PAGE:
The Eve of Waterloo


The eyelids of eve fall together at last,
And the forms so foreign to field and tree
Lie down as though native, and slumber fast!

Sore are the thrills of misgivings we see
In the artless champaign at this harlequinade,
Distracting a vigil where calm should be!

The green seems opprest, and the Plain afraid
Of a Something to come, whereof these are the proofs,--
Neither earthquake, nor storm, nor eclipse's shade!

Yea, the coneys are scared by the thud of hoofs,
And their white scuts flash at their vanishing heels,
And swallows abandon the hamlet-roofs.

The mole's tunnelled chambers are crushed by wheels,
The lark's eggs scattered, their owners fled;
And the hedgehog's household the sapper unseals.

The snail draws in at the terrible tread,
But in vain; he is crushed by the fellow-rim;
The worm asks what can be overhead,

And wriggles deep from a scene so grim,
And guesses him safe; for he does not know
What a foul red flood will be soaking him!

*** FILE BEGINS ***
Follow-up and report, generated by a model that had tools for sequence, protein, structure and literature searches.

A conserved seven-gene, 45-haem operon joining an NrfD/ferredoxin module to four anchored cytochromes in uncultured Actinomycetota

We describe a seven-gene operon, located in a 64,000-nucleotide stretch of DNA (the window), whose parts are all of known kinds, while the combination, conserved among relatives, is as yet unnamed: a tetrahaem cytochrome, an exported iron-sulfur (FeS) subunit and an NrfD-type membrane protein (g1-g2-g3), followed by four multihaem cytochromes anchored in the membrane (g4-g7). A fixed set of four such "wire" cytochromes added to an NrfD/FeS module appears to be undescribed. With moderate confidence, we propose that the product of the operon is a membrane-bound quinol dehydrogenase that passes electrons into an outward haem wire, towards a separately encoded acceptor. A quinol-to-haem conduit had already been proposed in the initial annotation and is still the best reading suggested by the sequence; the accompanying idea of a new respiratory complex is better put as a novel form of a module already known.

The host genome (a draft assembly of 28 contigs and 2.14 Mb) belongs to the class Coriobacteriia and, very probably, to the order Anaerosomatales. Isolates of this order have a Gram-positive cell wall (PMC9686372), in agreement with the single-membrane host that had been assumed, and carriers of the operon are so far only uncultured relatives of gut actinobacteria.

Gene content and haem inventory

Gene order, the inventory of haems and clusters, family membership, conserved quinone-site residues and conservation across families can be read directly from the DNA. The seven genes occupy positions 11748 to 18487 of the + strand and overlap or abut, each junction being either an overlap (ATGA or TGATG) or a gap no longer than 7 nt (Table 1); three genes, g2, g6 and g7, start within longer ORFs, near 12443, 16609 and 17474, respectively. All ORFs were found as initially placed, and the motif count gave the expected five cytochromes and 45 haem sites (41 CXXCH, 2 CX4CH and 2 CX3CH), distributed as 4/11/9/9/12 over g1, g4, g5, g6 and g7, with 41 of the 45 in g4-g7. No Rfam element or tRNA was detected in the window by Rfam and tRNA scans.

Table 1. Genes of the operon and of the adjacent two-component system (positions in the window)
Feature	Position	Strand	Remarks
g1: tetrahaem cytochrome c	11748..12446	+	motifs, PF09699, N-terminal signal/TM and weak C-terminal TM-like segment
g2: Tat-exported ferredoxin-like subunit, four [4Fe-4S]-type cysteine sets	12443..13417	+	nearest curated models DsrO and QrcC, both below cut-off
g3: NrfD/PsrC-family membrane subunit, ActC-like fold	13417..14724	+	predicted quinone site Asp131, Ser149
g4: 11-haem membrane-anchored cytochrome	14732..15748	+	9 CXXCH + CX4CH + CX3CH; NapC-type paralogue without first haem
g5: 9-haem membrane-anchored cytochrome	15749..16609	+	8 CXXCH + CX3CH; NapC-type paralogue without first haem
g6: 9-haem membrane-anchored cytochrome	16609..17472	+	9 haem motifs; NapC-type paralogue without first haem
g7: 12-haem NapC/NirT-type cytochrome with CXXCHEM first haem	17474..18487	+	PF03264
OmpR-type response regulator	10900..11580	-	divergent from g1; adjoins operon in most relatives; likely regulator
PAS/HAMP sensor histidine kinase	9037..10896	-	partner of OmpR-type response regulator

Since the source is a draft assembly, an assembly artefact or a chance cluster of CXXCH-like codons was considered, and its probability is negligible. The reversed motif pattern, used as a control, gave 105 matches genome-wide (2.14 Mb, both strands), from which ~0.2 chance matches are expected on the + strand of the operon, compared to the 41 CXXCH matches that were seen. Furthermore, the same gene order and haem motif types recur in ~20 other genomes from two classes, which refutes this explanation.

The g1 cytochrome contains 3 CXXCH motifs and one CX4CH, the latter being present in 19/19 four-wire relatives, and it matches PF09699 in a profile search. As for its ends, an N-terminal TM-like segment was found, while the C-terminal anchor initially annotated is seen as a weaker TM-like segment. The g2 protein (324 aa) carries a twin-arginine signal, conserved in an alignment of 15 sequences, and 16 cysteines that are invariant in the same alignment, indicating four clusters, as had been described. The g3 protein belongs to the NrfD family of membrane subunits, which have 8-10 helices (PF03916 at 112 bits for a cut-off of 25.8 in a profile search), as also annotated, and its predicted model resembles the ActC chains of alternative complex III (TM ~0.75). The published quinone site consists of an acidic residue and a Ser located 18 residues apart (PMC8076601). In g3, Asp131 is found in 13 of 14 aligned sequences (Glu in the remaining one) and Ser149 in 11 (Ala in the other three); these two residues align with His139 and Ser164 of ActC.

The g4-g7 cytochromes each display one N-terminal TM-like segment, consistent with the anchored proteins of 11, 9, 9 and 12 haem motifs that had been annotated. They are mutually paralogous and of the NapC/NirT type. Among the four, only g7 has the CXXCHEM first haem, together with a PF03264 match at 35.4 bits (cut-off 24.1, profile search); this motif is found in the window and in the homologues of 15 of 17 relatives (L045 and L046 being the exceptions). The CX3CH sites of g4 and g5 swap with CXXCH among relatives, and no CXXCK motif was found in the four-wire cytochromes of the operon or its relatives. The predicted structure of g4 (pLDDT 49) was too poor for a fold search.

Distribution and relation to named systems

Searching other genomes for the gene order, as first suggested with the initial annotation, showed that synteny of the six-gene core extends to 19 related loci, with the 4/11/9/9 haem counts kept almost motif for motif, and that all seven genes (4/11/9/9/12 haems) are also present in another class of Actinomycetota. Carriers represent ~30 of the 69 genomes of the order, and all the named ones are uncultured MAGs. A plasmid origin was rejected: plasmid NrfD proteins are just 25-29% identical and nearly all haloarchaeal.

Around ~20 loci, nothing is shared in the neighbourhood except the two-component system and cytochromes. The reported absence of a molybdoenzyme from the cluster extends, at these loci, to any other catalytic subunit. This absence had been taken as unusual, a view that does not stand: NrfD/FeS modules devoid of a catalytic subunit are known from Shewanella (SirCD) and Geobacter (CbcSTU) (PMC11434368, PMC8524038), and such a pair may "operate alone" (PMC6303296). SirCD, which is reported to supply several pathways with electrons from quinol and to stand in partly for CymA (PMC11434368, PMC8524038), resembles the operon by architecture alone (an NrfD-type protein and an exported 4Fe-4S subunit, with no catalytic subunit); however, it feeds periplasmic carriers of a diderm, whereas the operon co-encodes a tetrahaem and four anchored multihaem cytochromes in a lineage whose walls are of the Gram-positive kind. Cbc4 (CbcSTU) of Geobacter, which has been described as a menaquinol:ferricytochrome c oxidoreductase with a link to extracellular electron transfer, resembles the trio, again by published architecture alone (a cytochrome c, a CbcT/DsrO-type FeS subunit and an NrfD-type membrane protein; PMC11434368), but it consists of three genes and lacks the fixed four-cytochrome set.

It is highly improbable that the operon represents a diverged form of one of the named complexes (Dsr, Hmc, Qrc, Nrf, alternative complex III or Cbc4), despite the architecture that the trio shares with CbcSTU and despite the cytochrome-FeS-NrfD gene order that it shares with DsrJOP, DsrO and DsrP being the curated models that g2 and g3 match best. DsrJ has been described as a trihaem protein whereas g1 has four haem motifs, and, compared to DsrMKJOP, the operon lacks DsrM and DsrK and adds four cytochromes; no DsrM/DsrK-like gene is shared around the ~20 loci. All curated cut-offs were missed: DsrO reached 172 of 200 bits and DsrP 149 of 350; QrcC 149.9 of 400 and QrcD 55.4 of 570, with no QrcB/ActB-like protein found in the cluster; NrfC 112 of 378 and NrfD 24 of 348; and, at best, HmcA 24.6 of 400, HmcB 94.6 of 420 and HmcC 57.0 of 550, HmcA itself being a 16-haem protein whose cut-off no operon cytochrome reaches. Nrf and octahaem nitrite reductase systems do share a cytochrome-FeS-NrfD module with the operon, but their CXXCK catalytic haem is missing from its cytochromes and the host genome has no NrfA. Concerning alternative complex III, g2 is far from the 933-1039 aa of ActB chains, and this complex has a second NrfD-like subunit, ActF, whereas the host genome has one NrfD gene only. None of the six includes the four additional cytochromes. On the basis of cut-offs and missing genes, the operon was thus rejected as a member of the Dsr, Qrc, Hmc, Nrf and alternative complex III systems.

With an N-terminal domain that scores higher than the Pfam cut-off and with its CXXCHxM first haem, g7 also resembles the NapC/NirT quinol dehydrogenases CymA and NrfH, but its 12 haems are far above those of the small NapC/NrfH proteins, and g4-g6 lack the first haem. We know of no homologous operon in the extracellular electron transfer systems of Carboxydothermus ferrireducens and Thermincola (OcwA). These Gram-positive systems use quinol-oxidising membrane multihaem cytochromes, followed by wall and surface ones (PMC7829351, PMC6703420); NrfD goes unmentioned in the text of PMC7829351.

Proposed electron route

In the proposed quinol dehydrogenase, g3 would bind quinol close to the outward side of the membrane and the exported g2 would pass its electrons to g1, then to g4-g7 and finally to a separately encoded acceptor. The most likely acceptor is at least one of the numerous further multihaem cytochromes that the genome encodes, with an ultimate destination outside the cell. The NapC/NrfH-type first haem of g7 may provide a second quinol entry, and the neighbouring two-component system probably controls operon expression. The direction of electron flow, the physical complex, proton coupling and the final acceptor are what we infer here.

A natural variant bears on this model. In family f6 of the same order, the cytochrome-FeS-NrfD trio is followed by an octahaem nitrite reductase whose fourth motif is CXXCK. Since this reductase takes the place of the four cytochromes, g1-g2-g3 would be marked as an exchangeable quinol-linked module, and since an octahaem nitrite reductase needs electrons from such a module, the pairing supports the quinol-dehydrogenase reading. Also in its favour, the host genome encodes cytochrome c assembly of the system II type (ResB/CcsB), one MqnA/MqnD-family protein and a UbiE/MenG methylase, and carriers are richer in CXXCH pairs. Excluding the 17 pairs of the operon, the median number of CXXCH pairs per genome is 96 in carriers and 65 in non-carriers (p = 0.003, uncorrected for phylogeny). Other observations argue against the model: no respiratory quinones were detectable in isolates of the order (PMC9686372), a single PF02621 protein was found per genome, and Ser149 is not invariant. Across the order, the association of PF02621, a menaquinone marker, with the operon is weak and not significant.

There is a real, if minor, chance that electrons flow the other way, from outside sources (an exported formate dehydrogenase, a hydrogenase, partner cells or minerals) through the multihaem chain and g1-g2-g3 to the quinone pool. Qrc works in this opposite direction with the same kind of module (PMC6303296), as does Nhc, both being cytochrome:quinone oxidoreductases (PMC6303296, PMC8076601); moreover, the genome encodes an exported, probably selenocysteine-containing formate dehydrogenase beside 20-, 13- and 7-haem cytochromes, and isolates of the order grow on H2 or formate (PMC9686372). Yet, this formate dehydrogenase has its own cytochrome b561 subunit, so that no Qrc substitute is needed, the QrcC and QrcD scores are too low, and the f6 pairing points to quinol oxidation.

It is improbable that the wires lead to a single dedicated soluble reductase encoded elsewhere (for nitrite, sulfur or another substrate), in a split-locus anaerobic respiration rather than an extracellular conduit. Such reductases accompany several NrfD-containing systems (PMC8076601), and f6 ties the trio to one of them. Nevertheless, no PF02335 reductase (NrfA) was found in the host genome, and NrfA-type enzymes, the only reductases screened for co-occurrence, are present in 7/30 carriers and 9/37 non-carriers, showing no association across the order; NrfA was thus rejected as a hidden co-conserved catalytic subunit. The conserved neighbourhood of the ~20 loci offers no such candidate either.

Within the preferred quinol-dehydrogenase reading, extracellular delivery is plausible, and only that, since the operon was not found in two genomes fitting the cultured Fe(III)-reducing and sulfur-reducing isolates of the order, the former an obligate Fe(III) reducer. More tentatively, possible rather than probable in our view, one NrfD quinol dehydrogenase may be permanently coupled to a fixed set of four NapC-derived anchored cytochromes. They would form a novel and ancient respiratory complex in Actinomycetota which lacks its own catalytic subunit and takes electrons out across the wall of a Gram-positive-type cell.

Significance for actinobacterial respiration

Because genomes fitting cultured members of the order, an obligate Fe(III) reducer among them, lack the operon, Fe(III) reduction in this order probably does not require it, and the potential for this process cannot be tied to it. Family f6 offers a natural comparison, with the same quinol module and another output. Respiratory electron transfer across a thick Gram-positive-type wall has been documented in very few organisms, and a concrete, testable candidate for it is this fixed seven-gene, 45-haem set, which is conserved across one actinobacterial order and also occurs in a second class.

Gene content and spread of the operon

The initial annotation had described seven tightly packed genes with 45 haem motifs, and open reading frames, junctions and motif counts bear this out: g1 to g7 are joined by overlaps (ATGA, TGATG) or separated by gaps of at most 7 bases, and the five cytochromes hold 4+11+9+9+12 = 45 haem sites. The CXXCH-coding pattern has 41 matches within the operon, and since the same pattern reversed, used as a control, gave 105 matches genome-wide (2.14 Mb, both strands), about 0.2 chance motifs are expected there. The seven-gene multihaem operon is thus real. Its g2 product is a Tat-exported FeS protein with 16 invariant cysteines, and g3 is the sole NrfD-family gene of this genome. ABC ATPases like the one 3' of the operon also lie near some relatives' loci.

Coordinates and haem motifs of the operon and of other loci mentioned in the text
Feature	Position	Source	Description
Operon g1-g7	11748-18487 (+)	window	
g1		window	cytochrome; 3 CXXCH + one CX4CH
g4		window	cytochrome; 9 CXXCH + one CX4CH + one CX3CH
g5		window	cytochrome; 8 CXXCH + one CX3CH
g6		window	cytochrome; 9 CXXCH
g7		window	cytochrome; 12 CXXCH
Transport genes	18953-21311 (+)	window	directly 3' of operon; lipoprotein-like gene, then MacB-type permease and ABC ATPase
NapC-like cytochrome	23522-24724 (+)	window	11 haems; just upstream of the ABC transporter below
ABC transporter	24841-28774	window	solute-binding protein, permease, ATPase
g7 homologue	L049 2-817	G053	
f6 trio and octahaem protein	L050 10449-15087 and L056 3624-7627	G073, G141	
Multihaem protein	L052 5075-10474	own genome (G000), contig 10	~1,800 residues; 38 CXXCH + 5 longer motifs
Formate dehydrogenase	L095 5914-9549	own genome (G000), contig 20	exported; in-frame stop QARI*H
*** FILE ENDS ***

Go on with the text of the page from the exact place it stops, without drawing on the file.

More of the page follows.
Beaten about by the heel and toe
Are butterflies, sick of the day's long rheum,
To die of a worse than the weather-foe.

Trodden and bruised to a miry tomb
Are ears that have greened but will never be gold,
And flowers in the bud that will never bloom.

So the season's intent, ere its fruit unfold,
Is frustrate, and mangled, and made succumb,
Like a youth of promise struck stark and cold! . . .

And what of those who to-night have come?
--The young sleep sound; but the weather awakes
In the veteran, pains from the past that numb;

Old stabs of Ind, old Peninsular aches,
Old Friedland chills, haunt their moist mud bed,
Cramps from Austerlitz; till their slumber breaks.

And each soul shivers as sinks his head
On the loam he's to lease with the other dead
From tomorrow's mist-fall till Time be sped!


Thomas Hardy.